MANATEE — One year ago today, Kathleen Briles was found beaten to death in her Terra Ceia home. For months after he found her body, Dr. James Briles pleaded for information in the murder of his wife.
A backlog of 295,000 federal prisoners’ DNA in the FBI’s database may have kept her killer on the streets — the same man suspected in a series of vicious home invasions that had swept Manatee and Sarasota counties since early 2009.
The revelations brought demands from law enforcement, residents and politicians to change how the database is kept.
Today, FBI officials say the backlog has been dramatically decreased.
But the backlog still stood at 166,000 samples at the end of June, the FBI acknowledged — a marked improvement from April, when the backlog was reported at 258,000 DNA samples.
The 92,000-sample reduction was welcomed by U.S. Rep. Vern Buchanan, R-Longboat Key.
“It’s a very good start, but there is still work that needs to be done,” Buchanan said. “If I had my way, it would have been eliminated yesterday.”
Delmer Smith III was charged in February with Briles’ slaying — one year after his DNA was first found at the scene of a home invasion.
When he was charged in October on four other home invasions, FBI officials pledged the DNA backlog would be eliminated within a year after meetings with Buchanan, who called for an overhaul of how DNA is collected and logged.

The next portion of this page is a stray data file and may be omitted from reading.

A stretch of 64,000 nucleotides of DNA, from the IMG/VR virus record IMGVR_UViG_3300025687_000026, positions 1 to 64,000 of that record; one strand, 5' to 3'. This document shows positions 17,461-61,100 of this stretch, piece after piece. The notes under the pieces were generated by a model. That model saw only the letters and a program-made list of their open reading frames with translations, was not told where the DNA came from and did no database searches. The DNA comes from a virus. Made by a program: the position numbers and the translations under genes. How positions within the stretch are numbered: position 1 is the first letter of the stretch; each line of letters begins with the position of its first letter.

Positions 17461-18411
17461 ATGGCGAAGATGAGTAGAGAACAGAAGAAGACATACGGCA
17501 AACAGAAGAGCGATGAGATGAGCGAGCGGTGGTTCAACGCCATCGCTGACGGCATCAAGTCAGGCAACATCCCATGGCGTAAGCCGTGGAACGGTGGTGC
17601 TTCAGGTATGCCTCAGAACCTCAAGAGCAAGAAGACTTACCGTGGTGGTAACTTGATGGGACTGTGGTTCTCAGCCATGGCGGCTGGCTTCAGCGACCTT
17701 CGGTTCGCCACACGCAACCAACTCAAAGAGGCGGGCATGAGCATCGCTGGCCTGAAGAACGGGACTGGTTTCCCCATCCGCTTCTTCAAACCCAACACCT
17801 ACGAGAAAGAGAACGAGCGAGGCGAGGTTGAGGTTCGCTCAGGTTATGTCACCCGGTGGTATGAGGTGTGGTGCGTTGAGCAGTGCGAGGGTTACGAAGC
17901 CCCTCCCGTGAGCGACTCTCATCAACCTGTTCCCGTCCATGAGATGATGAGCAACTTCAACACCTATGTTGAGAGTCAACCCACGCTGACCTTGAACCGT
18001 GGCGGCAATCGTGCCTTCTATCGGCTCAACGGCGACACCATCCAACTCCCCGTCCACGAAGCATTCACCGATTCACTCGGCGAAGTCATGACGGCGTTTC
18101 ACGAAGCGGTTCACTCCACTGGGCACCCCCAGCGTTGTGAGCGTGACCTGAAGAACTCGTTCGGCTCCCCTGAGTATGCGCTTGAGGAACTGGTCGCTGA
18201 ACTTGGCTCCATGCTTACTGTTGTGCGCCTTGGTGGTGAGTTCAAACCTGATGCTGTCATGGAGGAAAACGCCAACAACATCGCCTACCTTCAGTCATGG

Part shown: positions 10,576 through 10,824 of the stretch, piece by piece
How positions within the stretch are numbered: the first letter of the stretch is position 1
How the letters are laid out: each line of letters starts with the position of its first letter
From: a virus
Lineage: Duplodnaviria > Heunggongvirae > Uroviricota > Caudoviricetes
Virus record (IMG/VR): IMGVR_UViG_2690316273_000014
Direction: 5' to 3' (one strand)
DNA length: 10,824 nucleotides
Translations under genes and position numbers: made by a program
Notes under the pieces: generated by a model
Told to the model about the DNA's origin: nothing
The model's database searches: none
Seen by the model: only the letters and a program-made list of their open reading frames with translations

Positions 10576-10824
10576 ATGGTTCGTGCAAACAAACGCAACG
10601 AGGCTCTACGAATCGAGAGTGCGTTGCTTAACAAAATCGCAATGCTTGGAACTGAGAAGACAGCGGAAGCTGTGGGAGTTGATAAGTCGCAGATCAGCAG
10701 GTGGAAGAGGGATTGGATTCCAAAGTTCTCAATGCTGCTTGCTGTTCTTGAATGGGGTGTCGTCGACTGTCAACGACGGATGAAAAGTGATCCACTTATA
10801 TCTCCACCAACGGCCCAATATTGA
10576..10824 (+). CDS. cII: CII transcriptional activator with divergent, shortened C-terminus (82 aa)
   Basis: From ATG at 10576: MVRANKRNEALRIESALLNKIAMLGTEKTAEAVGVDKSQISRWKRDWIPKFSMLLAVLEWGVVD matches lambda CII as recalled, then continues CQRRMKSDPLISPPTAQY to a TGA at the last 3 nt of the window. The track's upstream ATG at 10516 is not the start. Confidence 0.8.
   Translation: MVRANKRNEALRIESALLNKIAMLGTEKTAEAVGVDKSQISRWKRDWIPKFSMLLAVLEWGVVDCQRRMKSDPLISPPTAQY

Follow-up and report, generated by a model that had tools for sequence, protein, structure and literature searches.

“There was a lot of pain inflicted by Smith that could have been avoided had there not been a backlog,” Buchanan said last week.
Eliminating the backlog is crucial to local law enforcement, says Manatee Sheriff Brad Steube, and he hopes to see it gone by early next year.
“That would be beautiful. It’s just so important,” Steube said.
As early as February 2009, Sarasota County Sheriff’s Office deputies had DNA from one of the first home invasions last year. But detectives did not find a match in federal law enforcement databases.
After Smith was arrested in an August 2009 bar fight, authorities learned he had recently been released from federal prison after serving a 15-year sentence for a Michigan robbery. But he was one of the 295,000 federal prisoners whose DNA had not been entered into law enforcement databases.
Smith’s DNA was fast-tracked into the system upon local detectives’ request, and his prison DNA sample matched DNA found at four Sarasota home invasion attacks.
Smith is set to stand trial in September in Sarasota on charges related to the bar fight, and in November on charges related to the rape and beating of several women in home invasion attacks. Smith also will stand trial in July on separate charges that he beat and bound a couple in their Bradenton home.
In the Briles case, Smith is set to stand trial July 5, 2011, on a charge of first-degree murder. If he is convicted, prosecutors have said they will seek the death penalty.
Dr. Briles expressed relief that the DNA database backlog had decreased, but stressed that it should be eliminated.
“My family and a lot of other families have suffered,” he said, “so I am glad to see it going down.”